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Harmon’s Histories: A page from early Missoula … Honest Abe’s tutor, winter’s provisions, a drunk’s poem

Jim Harmon is a longtime Missoula news broadcaster, now retired, who writes a weekly history column for Missoula Current. You can contact Jim at harmonshistories@gmail.com.

I admit it. I read a lot of newspapers. I mean, a lot of newspapers.

As a result, my wife, for good reason, believes me certifiable. Grudgingly, I can see her point but there are extenuating circumstances.

The newspapers are, for the most part, not today’s fare – they are from the mid- to late 1880s.

Yes, there are times I may read for hours and hours, finding nothing of interest. But every now and then, a single page of a single newspaper can offer up a treasure trove.

Today’s example: Page 3 of the four-page November 10, 1870 issue of the Missoula Pioneer, the town’s first paper.

It is a wonderful snapshot of what life was like in the early days of the Garden City (at the time, commonly called Missoula City, not Missoula).

Imagine sitting down with a cup of coffee, picking up the day’s paper and reading about Mr. D. F. Hanks of Hellgate.

He was “one of the oldest men in Montana,” a man having seen “more than seventy-two winters pass over his head.”

Originally from Illinois, Hanks had in his younger days “carried in his arms the infant Abraham Lincoln, late President of the United States.” He had given Abe “early lessons in reading and writing,” and had remained “bosom friends” until the end of Lincoln’s life.

Hanks still carried with him a “silver watch which Lincoln owned during his early struggles in Illinois, and which was considered an heirloom in that industrious man’s family.”

Nearby, there’s a construction update on the new courthouse and county jail, both said to be nearing completion.

The courthouse is described as “splendid,” especially its strong and substantial roof. The jail has walls “thick enough to withstand a bombardment,” and containing no windows; the townsfolk apparently tired of jailbreaks.

Then, there’s the poetry:

“One pleasant eve to take a walk, don’t deem it strange,

To rid myself of idle talk, and spend some change;

I seldom drink, but very soon, I found myself in Con’s Saloon.

All you that feel inclined to test, some liquors of the very best,

Try Con and Tom, of this be sure, you’ll find they keep their liquors pure!”

In response, another purveyor of potable elixirs took out ad space to declare: “Poets have sung of inspiration, which, in most cases, is a myth; but for genuine konkoktions of nectar, which will inspire man with deeds of noble daring, the taking of Metz, or any other man, call at Johnny Parker’s saloon, just opened.”

Poetry aside, there are – or should be  – consequences for those who may overstay their time at the bar room. The Pioneer’s editor took a few paragraphs to demand local authorities pick up the “inebriated, pediculus-looking individuals … rolling around the streets, apparently in doubt as to whether they would go home or make a resting-place on the soft side of the plank.”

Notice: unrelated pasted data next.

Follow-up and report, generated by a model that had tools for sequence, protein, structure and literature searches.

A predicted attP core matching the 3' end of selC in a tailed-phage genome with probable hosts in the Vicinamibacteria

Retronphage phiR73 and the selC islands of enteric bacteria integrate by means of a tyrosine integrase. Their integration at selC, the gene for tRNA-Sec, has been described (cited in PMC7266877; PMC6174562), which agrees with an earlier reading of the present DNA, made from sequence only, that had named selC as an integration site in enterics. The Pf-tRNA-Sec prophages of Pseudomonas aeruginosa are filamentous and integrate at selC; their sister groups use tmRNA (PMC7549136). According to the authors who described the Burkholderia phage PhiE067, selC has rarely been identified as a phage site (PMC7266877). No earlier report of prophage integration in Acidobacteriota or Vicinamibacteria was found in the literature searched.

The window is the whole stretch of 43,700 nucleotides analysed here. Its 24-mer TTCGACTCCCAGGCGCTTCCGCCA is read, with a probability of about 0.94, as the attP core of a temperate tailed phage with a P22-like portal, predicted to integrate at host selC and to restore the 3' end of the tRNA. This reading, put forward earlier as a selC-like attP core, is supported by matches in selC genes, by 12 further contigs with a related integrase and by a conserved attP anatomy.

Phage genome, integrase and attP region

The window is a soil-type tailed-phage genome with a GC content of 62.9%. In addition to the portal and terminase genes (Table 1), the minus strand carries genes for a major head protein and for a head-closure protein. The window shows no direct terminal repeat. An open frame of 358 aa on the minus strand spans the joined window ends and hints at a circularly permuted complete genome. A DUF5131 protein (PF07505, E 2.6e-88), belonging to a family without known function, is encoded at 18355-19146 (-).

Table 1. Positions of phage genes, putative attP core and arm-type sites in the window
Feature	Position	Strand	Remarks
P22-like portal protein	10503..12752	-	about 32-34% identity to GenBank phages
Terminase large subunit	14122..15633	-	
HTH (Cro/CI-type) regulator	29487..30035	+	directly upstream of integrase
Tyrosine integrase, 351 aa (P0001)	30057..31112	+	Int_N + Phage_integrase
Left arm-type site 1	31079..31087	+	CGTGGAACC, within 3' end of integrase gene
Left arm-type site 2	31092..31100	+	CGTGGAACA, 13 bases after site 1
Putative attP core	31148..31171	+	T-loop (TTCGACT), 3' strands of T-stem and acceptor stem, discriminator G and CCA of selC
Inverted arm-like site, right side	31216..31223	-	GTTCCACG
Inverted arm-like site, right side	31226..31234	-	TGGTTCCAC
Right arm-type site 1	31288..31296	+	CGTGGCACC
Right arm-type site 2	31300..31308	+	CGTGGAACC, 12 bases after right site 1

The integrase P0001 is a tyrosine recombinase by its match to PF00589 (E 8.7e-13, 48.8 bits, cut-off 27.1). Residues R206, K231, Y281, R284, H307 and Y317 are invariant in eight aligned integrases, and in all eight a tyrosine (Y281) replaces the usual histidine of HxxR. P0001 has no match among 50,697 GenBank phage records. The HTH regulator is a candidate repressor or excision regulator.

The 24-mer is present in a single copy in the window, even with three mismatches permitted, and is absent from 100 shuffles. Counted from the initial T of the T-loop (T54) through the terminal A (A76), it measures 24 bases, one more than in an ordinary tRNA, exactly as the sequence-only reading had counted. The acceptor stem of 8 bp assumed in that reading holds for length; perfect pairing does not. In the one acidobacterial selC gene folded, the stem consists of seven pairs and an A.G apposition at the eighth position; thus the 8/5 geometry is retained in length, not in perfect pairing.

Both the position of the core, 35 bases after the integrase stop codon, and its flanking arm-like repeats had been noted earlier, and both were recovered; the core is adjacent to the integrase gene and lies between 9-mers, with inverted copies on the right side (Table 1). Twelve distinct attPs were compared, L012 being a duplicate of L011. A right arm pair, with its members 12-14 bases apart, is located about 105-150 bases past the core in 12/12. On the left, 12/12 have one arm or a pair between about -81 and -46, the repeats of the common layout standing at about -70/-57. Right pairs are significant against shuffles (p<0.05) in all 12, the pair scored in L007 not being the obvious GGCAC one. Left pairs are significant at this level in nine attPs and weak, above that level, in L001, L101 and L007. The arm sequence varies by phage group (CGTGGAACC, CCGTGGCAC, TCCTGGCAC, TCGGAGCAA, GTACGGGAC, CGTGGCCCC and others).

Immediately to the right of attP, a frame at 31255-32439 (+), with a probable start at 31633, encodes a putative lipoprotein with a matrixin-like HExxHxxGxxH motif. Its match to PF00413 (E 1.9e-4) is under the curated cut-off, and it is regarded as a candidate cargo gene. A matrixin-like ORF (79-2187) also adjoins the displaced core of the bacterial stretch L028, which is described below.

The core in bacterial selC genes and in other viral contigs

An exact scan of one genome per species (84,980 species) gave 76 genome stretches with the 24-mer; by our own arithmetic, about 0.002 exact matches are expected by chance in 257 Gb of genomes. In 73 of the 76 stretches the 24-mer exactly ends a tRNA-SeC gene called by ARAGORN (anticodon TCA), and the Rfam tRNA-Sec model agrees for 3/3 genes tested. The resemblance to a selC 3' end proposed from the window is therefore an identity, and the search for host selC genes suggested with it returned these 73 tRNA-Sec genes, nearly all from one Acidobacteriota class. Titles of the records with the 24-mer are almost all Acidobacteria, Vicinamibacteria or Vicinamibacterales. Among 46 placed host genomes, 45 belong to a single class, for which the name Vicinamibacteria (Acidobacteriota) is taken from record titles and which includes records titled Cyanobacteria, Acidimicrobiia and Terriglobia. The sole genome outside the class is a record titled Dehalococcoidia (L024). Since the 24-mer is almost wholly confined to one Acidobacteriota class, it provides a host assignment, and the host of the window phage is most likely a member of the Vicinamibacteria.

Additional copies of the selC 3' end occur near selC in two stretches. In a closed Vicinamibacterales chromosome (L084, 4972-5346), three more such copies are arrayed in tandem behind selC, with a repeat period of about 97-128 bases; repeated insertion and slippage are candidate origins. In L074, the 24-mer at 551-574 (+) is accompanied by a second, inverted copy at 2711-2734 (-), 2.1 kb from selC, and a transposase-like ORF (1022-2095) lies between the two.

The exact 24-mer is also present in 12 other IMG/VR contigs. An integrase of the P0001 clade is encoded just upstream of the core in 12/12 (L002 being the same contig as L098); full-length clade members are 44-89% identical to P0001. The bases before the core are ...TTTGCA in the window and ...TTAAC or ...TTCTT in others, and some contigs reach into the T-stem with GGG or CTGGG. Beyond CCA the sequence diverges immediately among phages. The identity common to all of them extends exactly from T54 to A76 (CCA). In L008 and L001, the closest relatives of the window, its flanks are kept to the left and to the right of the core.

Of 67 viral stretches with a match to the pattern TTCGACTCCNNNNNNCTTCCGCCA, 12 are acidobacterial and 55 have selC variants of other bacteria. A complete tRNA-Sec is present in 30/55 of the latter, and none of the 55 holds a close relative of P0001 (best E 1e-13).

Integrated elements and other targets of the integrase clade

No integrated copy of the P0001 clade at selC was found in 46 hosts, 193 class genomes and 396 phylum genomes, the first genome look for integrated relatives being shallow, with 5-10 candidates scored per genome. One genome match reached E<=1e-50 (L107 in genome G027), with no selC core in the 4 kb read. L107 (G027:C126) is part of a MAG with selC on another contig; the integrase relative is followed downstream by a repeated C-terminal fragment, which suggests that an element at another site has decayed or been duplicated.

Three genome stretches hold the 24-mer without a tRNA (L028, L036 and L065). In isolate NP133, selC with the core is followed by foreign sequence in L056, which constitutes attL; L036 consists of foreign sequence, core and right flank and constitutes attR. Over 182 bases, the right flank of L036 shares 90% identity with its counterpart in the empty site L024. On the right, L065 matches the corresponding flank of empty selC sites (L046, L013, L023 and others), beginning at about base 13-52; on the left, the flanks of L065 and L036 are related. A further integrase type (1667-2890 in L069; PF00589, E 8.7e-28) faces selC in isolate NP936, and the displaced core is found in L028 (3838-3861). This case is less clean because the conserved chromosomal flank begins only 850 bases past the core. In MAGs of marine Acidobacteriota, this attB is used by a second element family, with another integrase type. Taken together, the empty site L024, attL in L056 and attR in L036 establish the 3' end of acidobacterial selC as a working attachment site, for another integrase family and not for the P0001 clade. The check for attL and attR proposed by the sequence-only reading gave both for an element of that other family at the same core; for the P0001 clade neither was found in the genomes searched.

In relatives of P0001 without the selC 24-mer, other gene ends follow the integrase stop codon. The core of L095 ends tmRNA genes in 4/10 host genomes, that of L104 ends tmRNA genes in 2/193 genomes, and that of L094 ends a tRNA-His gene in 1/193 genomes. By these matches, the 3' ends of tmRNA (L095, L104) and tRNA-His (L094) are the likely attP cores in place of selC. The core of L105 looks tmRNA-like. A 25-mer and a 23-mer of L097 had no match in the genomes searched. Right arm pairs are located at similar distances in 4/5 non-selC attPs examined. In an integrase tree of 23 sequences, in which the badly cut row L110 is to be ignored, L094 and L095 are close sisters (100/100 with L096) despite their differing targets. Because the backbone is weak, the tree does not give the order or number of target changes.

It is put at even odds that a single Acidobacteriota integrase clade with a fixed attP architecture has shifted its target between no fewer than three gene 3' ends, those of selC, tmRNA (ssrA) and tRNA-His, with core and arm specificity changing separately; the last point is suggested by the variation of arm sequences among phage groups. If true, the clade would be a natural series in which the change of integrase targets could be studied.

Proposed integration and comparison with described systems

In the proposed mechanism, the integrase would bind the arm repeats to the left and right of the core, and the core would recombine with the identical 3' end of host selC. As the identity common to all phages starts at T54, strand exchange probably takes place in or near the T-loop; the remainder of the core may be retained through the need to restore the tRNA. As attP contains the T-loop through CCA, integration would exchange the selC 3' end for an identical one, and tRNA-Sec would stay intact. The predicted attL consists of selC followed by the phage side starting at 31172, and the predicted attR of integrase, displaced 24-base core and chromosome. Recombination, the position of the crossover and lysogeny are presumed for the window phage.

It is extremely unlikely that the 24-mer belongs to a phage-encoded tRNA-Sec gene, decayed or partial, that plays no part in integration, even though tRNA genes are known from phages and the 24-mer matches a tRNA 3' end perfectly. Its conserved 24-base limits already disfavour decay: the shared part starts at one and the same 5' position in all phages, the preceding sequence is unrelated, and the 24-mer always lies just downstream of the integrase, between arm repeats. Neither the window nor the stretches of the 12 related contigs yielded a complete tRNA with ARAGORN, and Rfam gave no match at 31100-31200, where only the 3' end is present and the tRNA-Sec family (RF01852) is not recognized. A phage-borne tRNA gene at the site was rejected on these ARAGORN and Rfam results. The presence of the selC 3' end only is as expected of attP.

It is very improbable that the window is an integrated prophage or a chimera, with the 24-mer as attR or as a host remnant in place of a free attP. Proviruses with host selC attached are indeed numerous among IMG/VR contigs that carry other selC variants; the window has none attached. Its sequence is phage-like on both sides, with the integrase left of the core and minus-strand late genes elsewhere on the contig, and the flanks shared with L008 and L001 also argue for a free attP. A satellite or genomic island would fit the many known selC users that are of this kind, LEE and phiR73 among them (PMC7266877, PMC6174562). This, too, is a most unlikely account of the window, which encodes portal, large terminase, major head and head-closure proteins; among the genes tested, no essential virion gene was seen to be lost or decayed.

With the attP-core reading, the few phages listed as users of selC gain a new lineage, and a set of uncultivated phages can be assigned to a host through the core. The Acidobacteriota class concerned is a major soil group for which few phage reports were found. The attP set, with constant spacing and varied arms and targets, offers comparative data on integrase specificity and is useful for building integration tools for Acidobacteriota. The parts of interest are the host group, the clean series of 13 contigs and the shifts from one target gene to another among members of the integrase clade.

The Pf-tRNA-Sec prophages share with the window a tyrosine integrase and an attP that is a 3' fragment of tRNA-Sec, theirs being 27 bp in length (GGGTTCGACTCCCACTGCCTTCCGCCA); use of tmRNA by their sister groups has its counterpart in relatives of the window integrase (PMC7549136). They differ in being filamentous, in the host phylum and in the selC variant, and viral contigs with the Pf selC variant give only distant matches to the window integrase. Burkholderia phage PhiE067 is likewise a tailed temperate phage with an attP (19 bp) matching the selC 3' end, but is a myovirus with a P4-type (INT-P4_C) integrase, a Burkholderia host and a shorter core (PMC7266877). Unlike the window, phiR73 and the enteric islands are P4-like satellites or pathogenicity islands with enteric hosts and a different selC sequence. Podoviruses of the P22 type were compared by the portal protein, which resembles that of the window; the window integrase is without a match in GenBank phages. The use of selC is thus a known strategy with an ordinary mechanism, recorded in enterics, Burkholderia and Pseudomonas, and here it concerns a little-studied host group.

Mining reports included a note that Charles Barkley, “a merchant in Kootenai and formerly a packer to Bear Gulch,” staked a claim in Idaho paying “$10 a day to the hands.”  Another dispatch from the camps told of miners in Louiseville (near modern-day Superior) planning to “drive off every Chinaman on Cedar Creek.”

There was a report that four men arrested west of Missoula back in July for a murder at Wolf Lodge had been acquitted in Idaho Territory for lack of evidence.

With the approach of the winter months, freight teams were arriving in Missoula en masse. “Thirteen wagons … arrived in town Thursday last from Corinne, with merchandise for Worden & Co. and J. P. Reinhard,” with another large shipment expected in a few days.

I don’t know what may have been contained in those shipments, but Helena’s Toole, Leach & Company assured Missoula’s ladies that they offer up the finest “gaiters, feathers, hats and gloves” and that “orders will be promptly attended to.”

Messrs. Bundy and Stipe, advertising themselves as “photographic artists,” reminded locals they’d be leaving town soon – so time was short to have your picture taken. Oh, they also noted that Bundy was a first-class jeweler, with all sorts of stuff “for sale cheap.”

In another column, the paper’s editor felt compelled to ask for mercy from those who may been offended when one of his reporters, in covering a fancy ball the week before, had described some of the ladies as “matrons,” when he meant only to say they were married women … not, old.

Then there was a birth announcement from Sun River, which the Pioneer’s editor found perplexing: Jacob Smith’s wife “has had a pair of twins, (we don’t undertake to say whether a pair of twins counts four or only two children), weighing 25½ pounds.” The letter, reporting this news, failed to specify “if this pair of twins weighed 25½ pounds each … or, in the aggregate.”

So there you have it – my feeble defense. I’ll go back to my room now.

Jim Harmon is a longtime Missoula news broadcaster, now retired, who writes a weekly history column for Missoula Current. You can contact Jim at harmonshistories@gmail.com. His new book, “The Sneakin’est Man That Ever Was,” a collection of 46 vignettes of Western Montana history, is now available at harmonshistories.com.